I would only support the development of any new type of nuclear weapon that is absolutely essential for the viability of our deterrent, that results in making possible further decreases in the size of our nuclear arsenal, and furthers our global nuclear security goals. I would cancel all further work on the so-called Robust Nuclear Earth Penetrator, a weapon that does not make strategic or political sense.
Finally, we cannot achieve our non-proliferation goals on our own. We must strengthen existing international treaties and institutions to combat proliferation, and develop new ones when necessary. We should move quickly with other nations to negotiate a Fissile Material Cut-off Treaty to end production of the most dangerous nuclear materials. The international community needs to improve its ability to interdict the spread of nuclear weapons and material under the Proliferation Security Initiative. And we need to increase funding for our own non-proliferation efforts, including the Cooperative Threat Reduction programs established by the landmark Nunn-Lugar legislation, and ensure the highest possible standards of security for existing nuclear materials.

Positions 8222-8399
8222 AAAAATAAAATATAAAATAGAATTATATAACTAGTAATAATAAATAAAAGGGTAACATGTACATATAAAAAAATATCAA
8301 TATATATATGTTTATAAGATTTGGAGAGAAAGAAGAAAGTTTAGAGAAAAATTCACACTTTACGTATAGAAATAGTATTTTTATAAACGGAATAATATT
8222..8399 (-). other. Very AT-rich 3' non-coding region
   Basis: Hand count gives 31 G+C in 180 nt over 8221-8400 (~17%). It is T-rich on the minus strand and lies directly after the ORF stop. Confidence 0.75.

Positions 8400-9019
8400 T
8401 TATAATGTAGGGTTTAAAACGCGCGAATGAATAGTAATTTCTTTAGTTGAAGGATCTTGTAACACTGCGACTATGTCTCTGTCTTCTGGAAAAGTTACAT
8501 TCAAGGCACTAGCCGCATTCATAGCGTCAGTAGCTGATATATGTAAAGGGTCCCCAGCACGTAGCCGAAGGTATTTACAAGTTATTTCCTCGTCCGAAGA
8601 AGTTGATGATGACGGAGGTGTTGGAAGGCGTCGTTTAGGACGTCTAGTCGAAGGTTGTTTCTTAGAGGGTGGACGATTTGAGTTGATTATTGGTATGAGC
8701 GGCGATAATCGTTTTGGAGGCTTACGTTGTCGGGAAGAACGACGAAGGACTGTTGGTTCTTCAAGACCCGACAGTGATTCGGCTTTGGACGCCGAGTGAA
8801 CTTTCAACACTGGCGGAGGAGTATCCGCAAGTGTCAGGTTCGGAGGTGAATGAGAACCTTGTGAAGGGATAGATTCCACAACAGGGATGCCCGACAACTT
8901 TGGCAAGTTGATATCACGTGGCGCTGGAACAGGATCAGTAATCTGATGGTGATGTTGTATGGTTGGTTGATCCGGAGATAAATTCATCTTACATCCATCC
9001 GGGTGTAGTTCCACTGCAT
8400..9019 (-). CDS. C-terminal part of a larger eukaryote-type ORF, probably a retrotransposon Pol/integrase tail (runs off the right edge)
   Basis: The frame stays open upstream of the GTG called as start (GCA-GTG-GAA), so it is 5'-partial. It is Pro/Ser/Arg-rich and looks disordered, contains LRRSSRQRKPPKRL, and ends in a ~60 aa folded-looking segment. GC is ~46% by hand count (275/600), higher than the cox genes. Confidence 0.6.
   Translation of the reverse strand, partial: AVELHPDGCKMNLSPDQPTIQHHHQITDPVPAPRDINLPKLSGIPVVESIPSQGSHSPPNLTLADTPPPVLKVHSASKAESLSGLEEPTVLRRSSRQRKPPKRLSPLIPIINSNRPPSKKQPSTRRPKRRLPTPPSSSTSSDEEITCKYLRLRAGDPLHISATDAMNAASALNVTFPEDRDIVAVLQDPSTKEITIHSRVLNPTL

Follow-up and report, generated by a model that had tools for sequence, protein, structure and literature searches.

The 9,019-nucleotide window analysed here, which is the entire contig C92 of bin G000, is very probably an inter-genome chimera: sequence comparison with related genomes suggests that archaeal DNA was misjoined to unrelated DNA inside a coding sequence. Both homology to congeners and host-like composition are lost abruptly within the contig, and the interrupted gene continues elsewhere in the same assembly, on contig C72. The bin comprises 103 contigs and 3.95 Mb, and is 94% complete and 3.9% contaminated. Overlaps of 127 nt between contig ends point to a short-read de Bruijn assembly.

In 2010, an international conference will meet to review the Non-Proliferation Treaty. If I am President, I will seize that opportunity to strengthen and enhance all aspects of the non-proliferation regime. We need to strengthen enforcement of the so-called "atoms for peace" bargain by insisting that countries that receive the benefits of peaceful nuclear cooperation must return or dismantle what they receive if they violate or withdraw from the NPT. We need to increase IAEA funding and enhance the intelligence support it receives. We also need to reverse the burden of proof when it comes to discovering whether a nation is cheating on its NPT commitments. The IAEA shouldn't have to play cat-and-mouse games to prove a country is in compliance. It is for suspected violators to prove they are in compliance. We should establish a requirement by the UN Security Council that international transfers of sensitive nuclear technology must be disclosed in advance to an international authority such as the IAEA, and further require that undisclosed transfers be deemed illicit and subject to interdiction. Finally, to enforce treaty obligations, IAEA member states must be willing to impose sanctions on nations that seek to withdraw from it.